You are on page 1of 3

First 'image' of a dark matter web that connects galaxies


Dark matter filaments bridge the space

between galaxies in this false colour map.
The locations of bright galaxies are
shown by the white regions and the
presence of a dark matter filament
bridging the galaxies is shown in red.

Credit: S. Epps & M. Hudson / University of


Researchers at the University of

Waterloo have been able to
capture the first composite image
of a dark matter bridge that
connects galaxies together. The
scientists publish their work in a
new paper in Monthly Notices of the
Royal Astronomical Society.

The composite image, which combines a number of individual images, confirms predictions that
galaxies across the universe are tied together through a cosmic web connected by dark matter
that has until now remained unobservable.

Dark matter, a mysterious substance that comprises around 25 per cent of the universe, doesn't
shine, absorb or reflect light, which has traditionally made it largely undetectable, except
through gravity.

"For decades, researchers have been predicting the existence of dark-matter filaments between
galaxies that act like a web-like superstructure connecting galaxies together," said Mike Hudson,
a professor of astronomy at the University of Waterloo. "This image moves us beyond
predictions to something we can see and measure."

As part of their research, Hudson and co-author Seth Epps, a master's student at the University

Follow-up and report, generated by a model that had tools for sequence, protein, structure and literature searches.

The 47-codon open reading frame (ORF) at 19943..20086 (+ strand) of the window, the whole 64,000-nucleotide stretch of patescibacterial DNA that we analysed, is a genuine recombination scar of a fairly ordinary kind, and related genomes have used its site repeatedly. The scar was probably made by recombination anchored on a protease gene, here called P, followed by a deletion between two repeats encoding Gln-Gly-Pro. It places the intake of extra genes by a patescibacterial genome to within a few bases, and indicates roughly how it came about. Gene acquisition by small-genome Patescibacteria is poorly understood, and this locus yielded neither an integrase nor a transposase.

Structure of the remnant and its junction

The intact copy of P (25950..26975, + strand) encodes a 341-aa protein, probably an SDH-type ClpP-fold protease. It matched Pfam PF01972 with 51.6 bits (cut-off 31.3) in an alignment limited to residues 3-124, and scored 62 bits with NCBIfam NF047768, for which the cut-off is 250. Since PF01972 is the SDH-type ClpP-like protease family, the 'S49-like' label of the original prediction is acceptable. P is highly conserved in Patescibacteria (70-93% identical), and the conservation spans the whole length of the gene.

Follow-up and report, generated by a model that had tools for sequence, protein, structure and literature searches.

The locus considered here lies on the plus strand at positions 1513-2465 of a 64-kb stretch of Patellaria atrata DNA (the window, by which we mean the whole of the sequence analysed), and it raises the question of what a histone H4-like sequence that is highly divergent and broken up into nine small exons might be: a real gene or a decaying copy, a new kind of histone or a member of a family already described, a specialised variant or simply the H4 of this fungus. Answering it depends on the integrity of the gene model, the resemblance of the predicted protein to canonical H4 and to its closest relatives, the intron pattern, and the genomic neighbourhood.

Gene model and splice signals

of Waterloo at the time, used a technique called weak gravitational lensing, an effect that causes
the images of distant galaxies to warp slightly under the influence of an unseen mass such as a

planet, a black hole, or in this case, dark matter. The effect was measured in images from a
multi-year sky survey at the Canada-France-Hawaii Telescope.

They combined lensing images from more than 23,000 galaxy pairs located 4.5 billion light-years
away to create a composite image or map that shows the presence of dark matter between the
two galaxies. Results show the dark matter filament bridge is strongest between systems less
than 40 million light years apart.

"By using this technique, we're not only able to see that these dark matter filaments in the
universe exist, we're able to see the extent to which these filaments connect galaxies together,"
said Epps.

Story Source:

Materials provided by Royal Astronomical Society (RAS). Note: Content may be edited for style
and length.

Journal Reference:

1. Seth D. Epps, Michael J. Hudson. The weak-lensing masses of filaments between

luminous red galaxies. Monthly Notices of the Royal Astronomical Society, 2017; 468 (3):
2605 DOI: 10.1093/mnras/stx517

Royal Astronomical Society (RAS). "First 'image' of a dark matter web that
Cite This Page:
connects galaxies." ScienceDaily. ScienceDaily, 12 April 2017.


Dark Matter on the Move

Jan. 3, 2019 — Scientists have found evidence that dark matter can be heated up and moved
around, as a result of star formation in galaxies. The findings provide the first observational
evidence for the effect ... read more

Dark Matter Less Influential in Galaxies in Early Universe

Mar. 15, 2017 — New observations indicate that massive, star-forming galaxies during the peak
epoch of galaxy formation, 10 billion years ago, were dominated by baryonic or 'normal' matter.
This is in ... read more

Huge New Survey to Shine Light on Dark Matter

July 9, 2015 — The first results have been released from a major new dark matter survey of the
southern skies using ESO's VLT Survey Telescope (VST) at the Paranal Observatory in Chile. The
VST KiDS survey ... read more

Dark Matter Observed in the Heart of Our Galaxy

Feb. 9, 2015 — The Universe is pervaded by a mysterious form of matter, dubbed dark matter,
about five times more abundant than the ordinary matter -- made of atoms -- we are familiar
with. Its existence in ... read more